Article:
[Baypiggies] suggested meeting topic

Russ Paielli b8sjidb02 at sneakemail.com
Sun Jul 9 21:47:22 CEST 2006


I saw ScientificPython a while back, and it looks very impressive but I 
have not used it. It is far more comprehensive than my scalar class, but 
let me briefly explain what I think is the unique contribution of my 
scalar class/package.

I started working on it basically as a training excercize. After I had 
it working, I decided to test it for efficiency. I was appalled at what 
I discovered. Operations on it were two orders of magnitude (~100x) 
slower than the same operations on float types! I considered that 

I added an option to turn off the unit tracking and checks. However, 
this only sped it up by one order of magnitude, leaving it still an 
order of magnitude slower than built-in types. Apparently, just having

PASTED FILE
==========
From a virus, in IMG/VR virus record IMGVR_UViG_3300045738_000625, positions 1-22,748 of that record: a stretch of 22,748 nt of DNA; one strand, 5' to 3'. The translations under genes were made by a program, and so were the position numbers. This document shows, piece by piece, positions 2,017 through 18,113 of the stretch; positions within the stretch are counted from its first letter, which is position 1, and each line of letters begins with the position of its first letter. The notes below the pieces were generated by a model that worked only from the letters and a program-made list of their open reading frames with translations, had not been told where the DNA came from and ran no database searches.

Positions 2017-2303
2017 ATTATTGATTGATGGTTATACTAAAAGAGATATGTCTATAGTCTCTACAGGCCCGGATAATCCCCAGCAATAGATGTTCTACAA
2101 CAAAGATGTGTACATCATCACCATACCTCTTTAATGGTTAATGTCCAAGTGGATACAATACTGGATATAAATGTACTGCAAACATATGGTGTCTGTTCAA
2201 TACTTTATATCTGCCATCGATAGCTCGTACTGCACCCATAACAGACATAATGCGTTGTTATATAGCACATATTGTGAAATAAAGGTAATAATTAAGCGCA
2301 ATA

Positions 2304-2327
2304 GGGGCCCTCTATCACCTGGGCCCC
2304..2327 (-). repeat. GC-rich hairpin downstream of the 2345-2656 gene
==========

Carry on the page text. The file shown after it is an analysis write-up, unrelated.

it as a user-defined class slows it down considerably compared to 
built-in numeric types.

So I decided to try something more innovative. I wanted the user to be 
able to transparently switch from the scalar class to built-in types by 
changing only the import line. The user could then use the scalar class 
during development to catch unit errors, but then easily turn it off and 
revert back to built-in numeric types for efficient production runs.

I also wanted to be able to do it without the need to maintain two 
nearly identical files. This created a unique challenge that I 
eventually solved with a creative use of "execfile," but I won't go into 
the details here.

I welcome anyone to look at what I did and suggest a simpler alternative 
if there is one. All I ask is that you please try to understand the 
problem before you fire back.

Again, you can find the code at http://RussP.us/scalar.htm


Aahz aahz-at-pythoncraft.com |Python Interest Group| wrote:
> On Sat, Jul 08, 2006, Russ Paielli wrote:
>>I have also developed a nifty Python class/package for handling physical 
>>units. I am using it for the conflict alerting system. You can download 
>>it or read about it at
> Sounds good!  Check out
> http://starship.python.net/~hinsen/ScientificPython/
> for comparison.

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